‘What we’re really doing is sending out a message to the world, mainly to the youth, especially the youth or anybody, really, that’s interested in protesting for peace or protesting against any forms of violence. And the things are, the Grosvenor Square marches in London, the end product of it was newspaper stories about riots and fighting. And we did the bed event in Amsterdam and the bag piece in Vienna just to give people an idea that there’s many ways of protest, and this is one of them. And anybody could grow their hair for peace or give up a week of their holiday for peace or sit in a bag for peace. Protest against peace, anyway, but peacefully, because we think that peace is only got by peaceful methods, and to fight the establishment with their own weapons is no good, because they always win, and they have been winning for thousands of years. They know how to play the game violence, and it’s easier for them when they can recognise you and shoot you.’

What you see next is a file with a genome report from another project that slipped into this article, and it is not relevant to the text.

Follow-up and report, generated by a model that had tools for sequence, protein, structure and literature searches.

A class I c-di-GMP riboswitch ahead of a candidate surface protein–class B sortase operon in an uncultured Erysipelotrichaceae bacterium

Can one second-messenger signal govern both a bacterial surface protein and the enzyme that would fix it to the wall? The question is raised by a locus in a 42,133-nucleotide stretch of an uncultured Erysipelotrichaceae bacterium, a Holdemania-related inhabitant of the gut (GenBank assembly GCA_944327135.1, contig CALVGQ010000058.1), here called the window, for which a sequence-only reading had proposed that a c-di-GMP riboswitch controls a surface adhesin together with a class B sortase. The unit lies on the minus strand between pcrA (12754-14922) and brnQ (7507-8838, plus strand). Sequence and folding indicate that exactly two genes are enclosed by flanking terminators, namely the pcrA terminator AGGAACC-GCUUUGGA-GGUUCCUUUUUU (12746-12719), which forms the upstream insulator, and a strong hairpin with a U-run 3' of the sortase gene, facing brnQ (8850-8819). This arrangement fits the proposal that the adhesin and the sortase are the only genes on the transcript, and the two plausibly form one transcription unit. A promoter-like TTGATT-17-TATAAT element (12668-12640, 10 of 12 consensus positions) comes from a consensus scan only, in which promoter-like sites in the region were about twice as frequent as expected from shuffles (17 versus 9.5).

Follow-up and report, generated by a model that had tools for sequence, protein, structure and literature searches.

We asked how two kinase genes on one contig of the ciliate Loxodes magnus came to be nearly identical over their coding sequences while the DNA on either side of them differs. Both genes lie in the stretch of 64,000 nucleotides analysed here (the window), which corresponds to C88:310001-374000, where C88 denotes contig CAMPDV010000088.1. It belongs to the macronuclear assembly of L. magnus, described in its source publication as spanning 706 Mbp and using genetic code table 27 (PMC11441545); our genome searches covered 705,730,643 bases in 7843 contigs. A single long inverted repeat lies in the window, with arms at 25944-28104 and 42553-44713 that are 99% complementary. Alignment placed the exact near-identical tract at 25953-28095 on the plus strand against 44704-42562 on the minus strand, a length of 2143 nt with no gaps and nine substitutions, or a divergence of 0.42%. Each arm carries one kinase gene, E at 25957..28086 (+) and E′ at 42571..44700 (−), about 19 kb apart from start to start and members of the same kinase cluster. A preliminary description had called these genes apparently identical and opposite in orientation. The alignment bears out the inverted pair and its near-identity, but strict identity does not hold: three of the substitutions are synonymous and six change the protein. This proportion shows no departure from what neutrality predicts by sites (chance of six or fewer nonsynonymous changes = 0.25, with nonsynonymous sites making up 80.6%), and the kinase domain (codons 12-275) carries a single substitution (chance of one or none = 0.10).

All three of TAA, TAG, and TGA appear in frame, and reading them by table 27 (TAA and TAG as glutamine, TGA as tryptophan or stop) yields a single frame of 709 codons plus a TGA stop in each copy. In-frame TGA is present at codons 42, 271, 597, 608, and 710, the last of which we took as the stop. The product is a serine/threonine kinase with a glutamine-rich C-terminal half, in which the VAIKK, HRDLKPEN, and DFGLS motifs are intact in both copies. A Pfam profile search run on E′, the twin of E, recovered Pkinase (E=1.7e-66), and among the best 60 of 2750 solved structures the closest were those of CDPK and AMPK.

John Lennon explaining why he and Yoko Ono spent a week of their honeymoon in bed as an anti-war protest.
The Conservative Party is in a process of ideological decline or even disintegration, argue James Butler and Richard Seymour.
Winning elections is not enough. To transform society we need to involve the people in policy making, argue Kerem Dikerdem and Annie Quick
Chloe Tomlinson lays out the battle lines for a more egalitarian, democratic and holistic education system. Essential reading ahead of The World Transformed education sessions
As a US-friendly no-deal Brexit inches closer, Bonnie Castillo of National Nurses United explains why US nurses have joined the fight against NHS privatisation. Recommended reading ahead of The World Transformed health sessions
Alex McDonald reviews new British film Bait, a socially engaged drama that uses lyricism to devastating effect.
Under the UK’s constitutional monarchy, we are subjects not citizens. Rewriting the constitution should be an urgent priority for a Labour government, argues Hilary Wainwright